In a year in which the term “fake news” has become part of the vernacular, an article exploring late 19th and early 20th Century America’s obsession with “news fakes” proved the best of a strong field of articles in American Journalism.
Justin Clark, an assistant professor of History at Nanyang Technological University in Singapore, was named the winner of American Journalism’s annual Best Article Award for “Confronting the ‘Seeker of Newspaper Notoriety’: Pathological Lying, the Public and the Press, 1890-1920.”
“As I am so regularly impressed by the scholarship in American Journalism, I was happy that the article was accepted for publication—and thrilled when I learned it had won the journal's annual Best Article prize,” Clark said. “The article was accepted in the spring, and by autumn, fake news had become a national preoccupation. I can’t say that I saw that coming. Still, it's a reminder that, however much it has evolved since the late 19th century, professional journalism is as susceptible to crisis as any other modern institution. I am grateful for the recognition.”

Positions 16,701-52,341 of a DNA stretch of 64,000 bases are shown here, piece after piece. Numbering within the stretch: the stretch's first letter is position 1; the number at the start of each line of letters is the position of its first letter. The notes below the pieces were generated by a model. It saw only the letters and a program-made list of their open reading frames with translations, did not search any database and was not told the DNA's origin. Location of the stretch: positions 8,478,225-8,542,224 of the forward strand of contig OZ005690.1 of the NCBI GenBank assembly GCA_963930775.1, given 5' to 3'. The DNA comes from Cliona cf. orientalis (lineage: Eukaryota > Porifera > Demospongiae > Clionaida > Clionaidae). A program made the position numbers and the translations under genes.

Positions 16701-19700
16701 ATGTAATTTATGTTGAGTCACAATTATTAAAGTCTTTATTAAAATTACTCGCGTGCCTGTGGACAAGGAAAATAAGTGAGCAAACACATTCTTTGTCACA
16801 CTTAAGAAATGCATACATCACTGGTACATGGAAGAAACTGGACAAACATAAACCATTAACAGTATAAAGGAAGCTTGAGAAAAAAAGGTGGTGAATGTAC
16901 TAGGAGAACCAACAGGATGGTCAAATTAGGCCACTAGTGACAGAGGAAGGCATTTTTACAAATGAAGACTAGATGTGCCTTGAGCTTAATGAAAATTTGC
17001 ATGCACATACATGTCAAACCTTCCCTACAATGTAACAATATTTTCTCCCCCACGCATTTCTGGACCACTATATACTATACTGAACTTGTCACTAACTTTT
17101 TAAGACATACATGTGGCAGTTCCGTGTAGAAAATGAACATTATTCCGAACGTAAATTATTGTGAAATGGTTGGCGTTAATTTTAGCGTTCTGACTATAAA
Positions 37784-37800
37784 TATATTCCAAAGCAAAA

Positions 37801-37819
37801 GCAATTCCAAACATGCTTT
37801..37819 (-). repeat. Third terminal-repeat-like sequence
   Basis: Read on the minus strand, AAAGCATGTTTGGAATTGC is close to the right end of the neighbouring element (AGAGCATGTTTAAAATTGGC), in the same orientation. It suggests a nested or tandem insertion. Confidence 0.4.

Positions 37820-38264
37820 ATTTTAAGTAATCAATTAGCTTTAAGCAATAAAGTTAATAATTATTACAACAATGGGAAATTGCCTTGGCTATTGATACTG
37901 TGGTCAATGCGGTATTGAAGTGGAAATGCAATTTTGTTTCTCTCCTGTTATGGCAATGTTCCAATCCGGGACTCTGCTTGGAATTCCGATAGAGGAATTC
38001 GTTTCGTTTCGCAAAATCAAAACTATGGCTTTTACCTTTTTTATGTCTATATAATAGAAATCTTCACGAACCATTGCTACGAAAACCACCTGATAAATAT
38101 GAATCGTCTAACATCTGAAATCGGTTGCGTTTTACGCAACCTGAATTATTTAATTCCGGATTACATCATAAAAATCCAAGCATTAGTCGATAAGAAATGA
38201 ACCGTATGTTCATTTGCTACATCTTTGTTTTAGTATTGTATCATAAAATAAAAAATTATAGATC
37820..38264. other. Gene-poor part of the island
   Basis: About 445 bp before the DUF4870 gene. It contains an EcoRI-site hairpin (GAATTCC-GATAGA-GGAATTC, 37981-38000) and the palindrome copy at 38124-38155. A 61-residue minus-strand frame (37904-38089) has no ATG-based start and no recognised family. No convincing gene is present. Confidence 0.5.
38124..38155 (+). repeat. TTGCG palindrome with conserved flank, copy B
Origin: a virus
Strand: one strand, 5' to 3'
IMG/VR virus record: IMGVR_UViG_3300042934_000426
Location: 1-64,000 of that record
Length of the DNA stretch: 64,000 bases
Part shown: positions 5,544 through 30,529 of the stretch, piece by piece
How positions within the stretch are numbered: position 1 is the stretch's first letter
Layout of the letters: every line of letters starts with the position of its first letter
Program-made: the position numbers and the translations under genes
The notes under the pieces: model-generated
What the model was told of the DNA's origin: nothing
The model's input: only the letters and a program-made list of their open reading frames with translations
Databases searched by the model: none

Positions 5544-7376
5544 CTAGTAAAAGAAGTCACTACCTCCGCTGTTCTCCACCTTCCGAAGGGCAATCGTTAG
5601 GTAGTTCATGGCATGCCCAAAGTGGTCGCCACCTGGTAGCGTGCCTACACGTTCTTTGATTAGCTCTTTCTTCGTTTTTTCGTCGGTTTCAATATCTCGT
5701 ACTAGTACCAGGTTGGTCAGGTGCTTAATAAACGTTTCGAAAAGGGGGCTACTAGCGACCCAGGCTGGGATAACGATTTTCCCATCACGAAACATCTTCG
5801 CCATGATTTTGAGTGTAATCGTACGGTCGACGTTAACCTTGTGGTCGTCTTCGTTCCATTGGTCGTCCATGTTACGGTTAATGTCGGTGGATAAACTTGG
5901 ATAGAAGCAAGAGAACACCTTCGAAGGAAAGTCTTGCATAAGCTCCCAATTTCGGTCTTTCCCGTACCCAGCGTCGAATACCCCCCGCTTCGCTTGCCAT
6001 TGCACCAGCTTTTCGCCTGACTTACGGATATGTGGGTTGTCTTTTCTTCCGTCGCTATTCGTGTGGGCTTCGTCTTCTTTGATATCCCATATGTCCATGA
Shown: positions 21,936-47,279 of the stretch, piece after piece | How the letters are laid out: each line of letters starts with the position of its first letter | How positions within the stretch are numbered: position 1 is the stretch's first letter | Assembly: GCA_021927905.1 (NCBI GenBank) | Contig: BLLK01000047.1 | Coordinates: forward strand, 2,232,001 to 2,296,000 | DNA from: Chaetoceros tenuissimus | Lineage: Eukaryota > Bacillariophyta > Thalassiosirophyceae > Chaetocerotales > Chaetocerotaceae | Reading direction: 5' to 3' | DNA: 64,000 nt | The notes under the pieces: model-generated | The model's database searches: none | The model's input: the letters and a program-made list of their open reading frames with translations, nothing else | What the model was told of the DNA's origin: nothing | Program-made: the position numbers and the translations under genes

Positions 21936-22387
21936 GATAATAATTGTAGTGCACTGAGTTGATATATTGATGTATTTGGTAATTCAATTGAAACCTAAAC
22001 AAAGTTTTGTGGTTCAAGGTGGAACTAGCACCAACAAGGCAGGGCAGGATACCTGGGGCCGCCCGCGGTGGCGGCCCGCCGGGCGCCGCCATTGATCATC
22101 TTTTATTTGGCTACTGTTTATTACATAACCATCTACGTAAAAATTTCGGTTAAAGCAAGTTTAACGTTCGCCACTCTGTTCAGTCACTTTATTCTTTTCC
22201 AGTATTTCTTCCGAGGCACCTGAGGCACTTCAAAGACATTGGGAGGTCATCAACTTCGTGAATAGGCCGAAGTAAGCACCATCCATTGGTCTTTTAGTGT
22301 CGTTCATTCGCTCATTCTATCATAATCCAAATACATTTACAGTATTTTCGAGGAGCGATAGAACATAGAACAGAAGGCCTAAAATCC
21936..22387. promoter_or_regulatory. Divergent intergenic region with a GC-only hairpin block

Clark will receive a plaque and a $250 prize from American Journalism, a peer-reviewed quarterly and the official publication of the American Journalism Historians Association. "Justin's article was not only original and rigorous, but the editorial board believed it made a real contribution to the scholarship of media history," Ford Risley, editor of American Journalism, said. "I agree wholeheartedly."